Martian lifeforms could be hiding under the surface of the Red Planet's atmosphere, according to ground-breaking research led by a New Zealand scientist.
Canterbury University geologist Dr Christopher Oze believes evidence of life forms could be found on earth's closest neighbour by measuring its ratio of hydrogen to methane.
He has teamed up with colleagues in the United States over the last three years to perform a series of experiments to examine the dynamics hydrogen and methane production in hydrothermal systems.
The research made scientists realise that life could be possible on other planets.
"Life forms on Mars may be under the surface of the planet, where no probe can currently go right now," Dr Oze said.
"But methane and hydrogen formed in specific hydrothermal systems are eventually released at the surface so all that needs to be done is for an analysis to be made at a vent to measure the gas that is released.
"What's really nice about this is that it is an incredibly simple method - all you need to do is measure the methane and hydrogen levels on Mars, something that can easily be done now."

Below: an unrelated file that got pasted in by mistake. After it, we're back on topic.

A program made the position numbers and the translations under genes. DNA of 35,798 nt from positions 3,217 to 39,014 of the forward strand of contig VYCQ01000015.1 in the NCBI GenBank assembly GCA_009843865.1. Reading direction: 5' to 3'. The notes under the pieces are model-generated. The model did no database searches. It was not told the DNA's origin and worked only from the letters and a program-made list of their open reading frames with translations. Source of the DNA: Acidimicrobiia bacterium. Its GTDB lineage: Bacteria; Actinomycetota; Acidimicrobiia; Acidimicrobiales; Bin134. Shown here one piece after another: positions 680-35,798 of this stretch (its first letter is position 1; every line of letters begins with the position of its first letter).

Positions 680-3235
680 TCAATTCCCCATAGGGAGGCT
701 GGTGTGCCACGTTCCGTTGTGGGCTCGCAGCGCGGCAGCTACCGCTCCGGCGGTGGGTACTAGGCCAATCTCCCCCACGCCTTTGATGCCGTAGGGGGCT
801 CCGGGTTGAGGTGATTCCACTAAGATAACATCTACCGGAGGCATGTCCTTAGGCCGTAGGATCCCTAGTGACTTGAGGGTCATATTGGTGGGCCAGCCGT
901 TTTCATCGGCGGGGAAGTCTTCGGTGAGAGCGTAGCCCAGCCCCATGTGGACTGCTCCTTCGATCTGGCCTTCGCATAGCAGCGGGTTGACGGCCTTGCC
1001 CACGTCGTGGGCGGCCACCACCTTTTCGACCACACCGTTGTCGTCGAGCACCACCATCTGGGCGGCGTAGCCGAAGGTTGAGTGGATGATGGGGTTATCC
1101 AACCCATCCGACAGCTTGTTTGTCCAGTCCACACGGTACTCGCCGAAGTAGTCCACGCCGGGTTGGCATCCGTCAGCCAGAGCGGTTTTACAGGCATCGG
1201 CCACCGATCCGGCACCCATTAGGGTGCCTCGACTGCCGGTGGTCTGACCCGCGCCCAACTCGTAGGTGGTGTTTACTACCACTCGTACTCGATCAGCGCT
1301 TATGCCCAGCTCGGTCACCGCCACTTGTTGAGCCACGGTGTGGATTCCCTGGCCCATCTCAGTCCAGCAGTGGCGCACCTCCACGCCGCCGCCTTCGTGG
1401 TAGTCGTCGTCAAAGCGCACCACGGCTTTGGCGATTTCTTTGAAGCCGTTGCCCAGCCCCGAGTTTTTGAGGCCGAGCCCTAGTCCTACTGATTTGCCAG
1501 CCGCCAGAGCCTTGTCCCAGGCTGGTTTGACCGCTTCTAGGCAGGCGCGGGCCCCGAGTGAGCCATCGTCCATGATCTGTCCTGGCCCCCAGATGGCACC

The team's experiments, which excluded living things, involved measuring the rates of methane production during a process called olivine hydrolysis or serpentinization, which occurs in the deep sub-surface of Earth and Mars.
Dr Oze said olivine is an abundant mineral found on both planets.
By using water to convert it to serpentine, the team measured how quickly methane was produced. This was then compared to measurements taken in the field where living organisms were present.
"From these experiments the hydrogen to methane ratio over time divided hydrothermal systems that did not involve living matter from those in which biota was present," Dr Oze said.
"This really gave us an 'aha' moment where we realised this method could be used to look at life on other planets.
"From our calculations low hydrogen-methane levels could indicate that there might be life, if it's similar to that on Earth."